A behaviour that directly exploits customers or suppliers, as, for example, through excessively high prices or price discrimination, may be found abusive if performed by a party with a dominant position. This conduct was the subject matter of the SADAIC case.20 SADAIC is a collective rights association that has a legal monopoly to collect royalties from the broadcasting of musical and audiovisual works. The plaintiff, an entity grouping all hotels and restaurants in Argentina, accused SADAIC of arbitrarily increasing the royalties charged to the plaintiff's members for the reproduction of musical works in hotels. The complaint also alleged that SADAIC had discriminated between the hotels, as, in some cases, agreements including substantial discounts had been entered into with some establishments.
SADAIC was ultimately imposed a fine of over 42 million Argentine pesos, representing 10 per cent of its total turnover for secondary reproduction of musical works during the period from 2009 to 2014.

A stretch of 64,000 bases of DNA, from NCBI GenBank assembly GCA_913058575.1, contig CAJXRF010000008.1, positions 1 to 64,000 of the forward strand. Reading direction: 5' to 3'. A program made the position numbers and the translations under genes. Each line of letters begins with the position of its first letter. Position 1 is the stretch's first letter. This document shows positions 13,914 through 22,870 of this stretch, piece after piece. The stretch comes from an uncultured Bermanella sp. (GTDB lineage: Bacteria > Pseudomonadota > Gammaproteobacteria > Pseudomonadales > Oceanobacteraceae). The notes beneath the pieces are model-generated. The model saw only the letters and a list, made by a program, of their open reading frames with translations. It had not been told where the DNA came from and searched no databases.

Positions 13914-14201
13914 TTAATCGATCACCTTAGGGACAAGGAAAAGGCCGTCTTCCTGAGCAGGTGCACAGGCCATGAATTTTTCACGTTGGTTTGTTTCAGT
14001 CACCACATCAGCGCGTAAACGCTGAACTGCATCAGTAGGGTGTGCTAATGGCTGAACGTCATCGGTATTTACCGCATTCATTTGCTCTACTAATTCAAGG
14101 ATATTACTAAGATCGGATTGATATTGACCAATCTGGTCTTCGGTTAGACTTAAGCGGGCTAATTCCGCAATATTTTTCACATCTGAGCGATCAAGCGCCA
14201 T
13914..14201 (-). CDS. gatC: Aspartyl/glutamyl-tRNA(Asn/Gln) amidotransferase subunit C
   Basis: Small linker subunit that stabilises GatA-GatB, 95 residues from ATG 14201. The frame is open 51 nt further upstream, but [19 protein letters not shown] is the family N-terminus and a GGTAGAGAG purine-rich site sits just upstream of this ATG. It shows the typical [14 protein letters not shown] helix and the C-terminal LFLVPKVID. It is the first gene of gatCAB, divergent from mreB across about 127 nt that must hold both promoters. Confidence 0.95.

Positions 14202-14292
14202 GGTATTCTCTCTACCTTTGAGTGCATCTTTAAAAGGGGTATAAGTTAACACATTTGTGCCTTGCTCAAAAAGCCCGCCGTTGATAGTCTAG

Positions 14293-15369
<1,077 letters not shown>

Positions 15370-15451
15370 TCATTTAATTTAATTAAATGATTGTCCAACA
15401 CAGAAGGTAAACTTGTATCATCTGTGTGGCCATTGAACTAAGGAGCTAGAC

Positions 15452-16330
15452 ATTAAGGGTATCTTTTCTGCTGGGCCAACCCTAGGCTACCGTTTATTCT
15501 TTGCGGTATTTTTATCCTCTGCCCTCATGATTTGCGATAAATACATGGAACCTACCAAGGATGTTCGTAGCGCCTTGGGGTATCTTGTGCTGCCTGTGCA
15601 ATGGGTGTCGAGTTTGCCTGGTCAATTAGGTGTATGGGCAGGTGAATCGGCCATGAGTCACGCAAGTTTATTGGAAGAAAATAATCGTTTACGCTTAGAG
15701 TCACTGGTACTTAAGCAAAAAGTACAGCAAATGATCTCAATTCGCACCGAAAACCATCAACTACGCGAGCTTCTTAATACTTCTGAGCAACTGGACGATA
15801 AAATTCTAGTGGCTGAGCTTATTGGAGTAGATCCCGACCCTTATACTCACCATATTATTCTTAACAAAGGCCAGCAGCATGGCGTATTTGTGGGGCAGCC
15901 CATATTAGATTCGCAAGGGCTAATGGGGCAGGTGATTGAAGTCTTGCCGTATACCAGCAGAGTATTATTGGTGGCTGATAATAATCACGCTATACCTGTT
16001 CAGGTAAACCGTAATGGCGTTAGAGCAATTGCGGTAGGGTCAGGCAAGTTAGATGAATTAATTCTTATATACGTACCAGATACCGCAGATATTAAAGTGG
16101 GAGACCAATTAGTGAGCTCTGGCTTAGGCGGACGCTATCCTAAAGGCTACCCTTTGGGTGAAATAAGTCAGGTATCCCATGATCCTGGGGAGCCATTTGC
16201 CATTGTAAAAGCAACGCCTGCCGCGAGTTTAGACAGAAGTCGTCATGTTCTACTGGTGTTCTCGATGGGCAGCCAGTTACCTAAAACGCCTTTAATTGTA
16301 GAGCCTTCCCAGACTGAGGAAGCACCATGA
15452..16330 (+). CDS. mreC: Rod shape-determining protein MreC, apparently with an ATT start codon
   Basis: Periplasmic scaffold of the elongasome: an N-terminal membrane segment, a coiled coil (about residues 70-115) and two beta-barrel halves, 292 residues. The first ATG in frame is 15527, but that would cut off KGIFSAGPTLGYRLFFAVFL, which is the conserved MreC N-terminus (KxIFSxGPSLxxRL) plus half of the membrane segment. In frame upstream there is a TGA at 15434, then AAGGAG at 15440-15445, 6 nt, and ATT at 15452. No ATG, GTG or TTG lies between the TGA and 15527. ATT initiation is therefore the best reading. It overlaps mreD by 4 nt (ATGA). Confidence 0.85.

In its final decision, the competition agency recommended the Executive Power to establish a new royalty system based on reasonableness, non-discrimination, transparency and equity criteria. It also recommended a further review of royalty tables or regulations applicable to users carrying out public execution of works and related rights, especially in cases where the same user, category or group of users must pay duties to more than one collective rights association, and the disparity of royalties or their associated formula, or their accumulation, may have an unreasonable impact on economic activity.